What to consider before opening a virtual restaurant
If you’re an entrepreneur considering a virtual restaurant business, there are a few things to keep in mind.
What you want out of your location: While a virtual restaurant removes the need for dining space, you will still need a location for your kitchen. Rather than targeting an area with a lot of foot traffic, look for space close to consumers’ homes and with room to create an efficient kitchen.
What your delivery expenses will be: Expenses like rent, ingredients, storage, and kitchen staff are variables that all restaurants must consider, but virtual restaurants must also understand the costs of using third-party online ordering and delivery partners. Most of these partners will take a percentage of your sale.
For instance, UberEATS takes about 30% of the bill, Seamless and GrubHub take between 12%–24%, and DoorDash, Postmates, and Caviar take 15%–23%. You must know the delivery expenses before you start a virtual restaurant so that you can price your food according to your profit margin goals.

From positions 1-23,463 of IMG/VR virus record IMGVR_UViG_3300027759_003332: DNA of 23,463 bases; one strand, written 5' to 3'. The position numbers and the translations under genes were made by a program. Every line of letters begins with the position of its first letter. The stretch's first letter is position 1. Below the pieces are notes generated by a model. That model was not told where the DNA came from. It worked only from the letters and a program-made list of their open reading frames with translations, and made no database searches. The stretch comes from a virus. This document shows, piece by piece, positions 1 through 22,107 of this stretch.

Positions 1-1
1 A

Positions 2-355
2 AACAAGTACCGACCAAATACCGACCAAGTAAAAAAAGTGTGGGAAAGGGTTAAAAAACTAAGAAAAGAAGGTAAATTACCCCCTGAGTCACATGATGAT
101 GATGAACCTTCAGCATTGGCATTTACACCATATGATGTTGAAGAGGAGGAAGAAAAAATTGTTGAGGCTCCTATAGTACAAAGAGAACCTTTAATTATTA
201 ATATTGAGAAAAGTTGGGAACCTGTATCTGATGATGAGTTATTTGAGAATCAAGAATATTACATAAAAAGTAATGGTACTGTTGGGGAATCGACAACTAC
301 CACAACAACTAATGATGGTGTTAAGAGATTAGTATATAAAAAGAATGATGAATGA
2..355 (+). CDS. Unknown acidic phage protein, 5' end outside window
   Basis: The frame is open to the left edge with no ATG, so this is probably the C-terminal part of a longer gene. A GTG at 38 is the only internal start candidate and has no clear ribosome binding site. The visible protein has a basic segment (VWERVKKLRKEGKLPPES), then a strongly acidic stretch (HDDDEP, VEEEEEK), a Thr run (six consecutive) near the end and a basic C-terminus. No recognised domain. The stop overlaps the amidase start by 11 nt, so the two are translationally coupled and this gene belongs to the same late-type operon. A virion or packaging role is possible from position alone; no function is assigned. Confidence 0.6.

How you can increase your ROI: Much of the lure of virtual restaurants is the potential for high return-on-investment. Before you start one, be diligent about how you intend to track and measure your return. You can also increase your return by diversifying your menu across different cuisines, operating on days/times you may not traditionally, and listing your business on several online-ordering platforms.
How you will market your restaurant: With less money going to labor or rent, you will have more resources to put to other areas that can increase business—like marketing. Many of the marketing tactics that work for traditional restaurants will apply to your virtual business, too. For instance, favorable reviews, social media marketing, and PPC are important ways to drive more online orders. Moreover, you will want to optimize your online listings to include images, correct business information, popular keywords, and updated menus.